Metro Health officials warning residents to celebrate NYE safely as COVID-19 cases rise

As the new year quickly approaches, San Antonio Metro Health officials warn residents who plan to celebrate to exercise caution amid a rise in COVID-19 cases.

Metro Health officials say they have seen a “three-fold increase” in COVID-19 cases, with the increase in cases being attributed to the omicron variant.

The Texas Department of State Health Services says omicron accounted for 84.9% of state-wide COVID-19 cases for the week of Dec. 12 – Dec. 18.

Metro Health officials predict a similar increase in San Antonio.

“The Omicron variant is responsible for the expected increase in daily cases we are seeing. This variant is highly transmissible, but we can all do our part to contain its spread,” Metro Health Director Claude A. Jacob said. “Get vaccinated as soon as possible if you are not already to help prevent infection from COVID-19 and spreading it to others. Get a booster dose if you are eligible. Getting vaccinated can help prevent serious illness or hospitalization, and people who have breakthrough cases are much more likely to only have mild or no symptoms.”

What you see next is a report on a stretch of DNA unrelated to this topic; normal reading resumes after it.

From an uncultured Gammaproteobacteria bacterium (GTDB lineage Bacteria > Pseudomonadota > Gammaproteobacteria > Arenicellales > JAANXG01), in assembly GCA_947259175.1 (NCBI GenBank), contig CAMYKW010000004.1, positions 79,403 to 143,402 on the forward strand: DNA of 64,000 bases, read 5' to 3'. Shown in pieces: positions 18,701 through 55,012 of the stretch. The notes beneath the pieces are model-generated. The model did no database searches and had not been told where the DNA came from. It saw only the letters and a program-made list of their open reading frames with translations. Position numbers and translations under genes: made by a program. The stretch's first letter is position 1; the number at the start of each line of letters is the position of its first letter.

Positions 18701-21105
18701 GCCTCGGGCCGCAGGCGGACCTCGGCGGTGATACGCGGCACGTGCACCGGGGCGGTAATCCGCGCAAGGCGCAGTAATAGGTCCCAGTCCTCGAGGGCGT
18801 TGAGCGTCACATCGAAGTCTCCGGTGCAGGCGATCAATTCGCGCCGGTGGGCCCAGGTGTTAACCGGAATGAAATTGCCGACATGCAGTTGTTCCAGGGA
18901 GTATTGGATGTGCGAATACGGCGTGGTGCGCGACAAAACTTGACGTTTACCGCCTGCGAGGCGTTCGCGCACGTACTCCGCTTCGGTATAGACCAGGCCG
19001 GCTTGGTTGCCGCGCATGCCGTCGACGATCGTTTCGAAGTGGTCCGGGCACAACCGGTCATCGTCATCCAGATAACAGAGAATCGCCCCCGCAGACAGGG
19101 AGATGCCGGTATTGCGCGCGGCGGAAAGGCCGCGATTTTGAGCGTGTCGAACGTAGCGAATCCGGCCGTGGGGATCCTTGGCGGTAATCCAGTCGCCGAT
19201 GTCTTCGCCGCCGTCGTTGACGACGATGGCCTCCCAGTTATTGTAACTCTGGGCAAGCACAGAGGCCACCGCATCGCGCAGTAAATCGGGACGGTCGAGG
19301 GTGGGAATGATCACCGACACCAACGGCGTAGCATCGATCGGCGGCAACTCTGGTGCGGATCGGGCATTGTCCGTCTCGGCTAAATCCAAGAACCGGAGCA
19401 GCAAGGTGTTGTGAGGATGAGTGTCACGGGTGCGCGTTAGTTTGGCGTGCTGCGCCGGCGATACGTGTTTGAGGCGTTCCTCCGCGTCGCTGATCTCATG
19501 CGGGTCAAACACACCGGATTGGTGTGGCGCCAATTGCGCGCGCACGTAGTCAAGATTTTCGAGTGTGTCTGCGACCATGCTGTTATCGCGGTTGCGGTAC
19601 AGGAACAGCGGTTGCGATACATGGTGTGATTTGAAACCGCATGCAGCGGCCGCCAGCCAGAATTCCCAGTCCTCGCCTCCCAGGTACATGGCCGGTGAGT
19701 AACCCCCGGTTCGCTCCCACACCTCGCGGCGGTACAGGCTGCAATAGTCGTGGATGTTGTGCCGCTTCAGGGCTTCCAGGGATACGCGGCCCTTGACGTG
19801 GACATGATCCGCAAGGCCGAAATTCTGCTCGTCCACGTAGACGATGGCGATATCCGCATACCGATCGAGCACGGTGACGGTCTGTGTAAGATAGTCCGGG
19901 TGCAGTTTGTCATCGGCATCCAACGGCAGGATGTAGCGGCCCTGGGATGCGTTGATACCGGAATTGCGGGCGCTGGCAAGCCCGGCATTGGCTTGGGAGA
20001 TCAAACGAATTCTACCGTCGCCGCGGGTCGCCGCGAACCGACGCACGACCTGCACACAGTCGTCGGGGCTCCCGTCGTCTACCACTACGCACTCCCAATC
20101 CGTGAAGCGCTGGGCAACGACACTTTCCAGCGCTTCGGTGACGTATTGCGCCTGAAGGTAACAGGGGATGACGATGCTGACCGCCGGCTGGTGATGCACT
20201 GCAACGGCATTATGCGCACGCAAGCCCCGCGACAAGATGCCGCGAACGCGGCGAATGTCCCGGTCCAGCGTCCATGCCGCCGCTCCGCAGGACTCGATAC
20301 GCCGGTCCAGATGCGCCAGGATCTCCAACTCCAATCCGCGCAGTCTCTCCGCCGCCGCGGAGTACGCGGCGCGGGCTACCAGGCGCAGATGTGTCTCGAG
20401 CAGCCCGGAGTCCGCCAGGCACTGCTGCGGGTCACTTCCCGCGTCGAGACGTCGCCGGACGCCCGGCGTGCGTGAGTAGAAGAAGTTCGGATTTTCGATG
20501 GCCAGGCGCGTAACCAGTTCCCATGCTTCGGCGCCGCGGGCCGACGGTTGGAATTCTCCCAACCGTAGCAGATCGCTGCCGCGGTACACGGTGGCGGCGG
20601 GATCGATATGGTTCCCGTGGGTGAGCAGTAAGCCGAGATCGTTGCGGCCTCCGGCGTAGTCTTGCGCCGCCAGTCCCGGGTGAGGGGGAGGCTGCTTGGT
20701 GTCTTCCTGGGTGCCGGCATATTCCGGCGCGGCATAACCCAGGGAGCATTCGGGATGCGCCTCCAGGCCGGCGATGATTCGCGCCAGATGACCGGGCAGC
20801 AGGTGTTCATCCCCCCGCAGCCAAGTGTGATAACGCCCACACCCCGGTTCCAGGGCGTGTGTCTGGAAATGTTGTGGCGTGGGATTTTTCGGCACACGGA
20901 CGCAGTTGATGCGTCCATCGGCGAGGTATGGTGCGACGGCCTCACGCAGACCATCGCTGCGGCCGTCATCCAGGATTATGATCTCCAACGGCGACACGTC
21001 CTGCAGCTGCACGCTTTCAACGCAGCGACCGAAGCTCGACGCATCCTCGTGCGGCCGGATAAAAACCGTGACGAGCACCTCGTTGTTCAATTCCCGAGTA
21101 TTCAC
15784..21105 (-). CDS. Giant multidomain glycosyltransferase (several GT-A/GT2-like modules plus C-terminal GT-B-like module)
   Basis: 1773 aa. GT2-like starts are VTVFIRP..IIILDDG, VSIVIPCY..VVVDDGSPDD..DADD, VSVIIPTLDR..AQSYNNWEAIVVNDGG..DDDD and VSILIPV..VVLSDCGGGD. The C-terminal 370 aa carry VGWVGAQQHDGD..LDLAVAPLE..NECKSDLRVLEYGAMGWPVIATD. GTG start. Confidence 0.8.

For those who plan to attend New Year’s Eve festivities, Metro Health officials say the best way to avoid getting COVID-19 is to be vaccinated, wear a well-fitting mask, and get tested.

Metro Health officials say you should self-test if you plan to attend an NYE gathering. If you receive a positive result with a self-test, it means you are infected and should avoid gatherings. If your self-test result is negative, you may not have COVID-19. Officials say you should repeat testing at least 24 hours after your last test to ensure negative results.

“Metro Health also recommends everyone wear a mask regardless of your vaccination status,” Jacob said. “It can’t be stressed enough that if you are feeling ill even if you think it’s just allergies, stay home and get tested.”

You can find a list of COVID-19 testing sites here.

More on KSAT:

Track the latest COVID-19 numbers in San Antonio and surrounding areasOmicron variant taking over Bexar County COVID-19 cases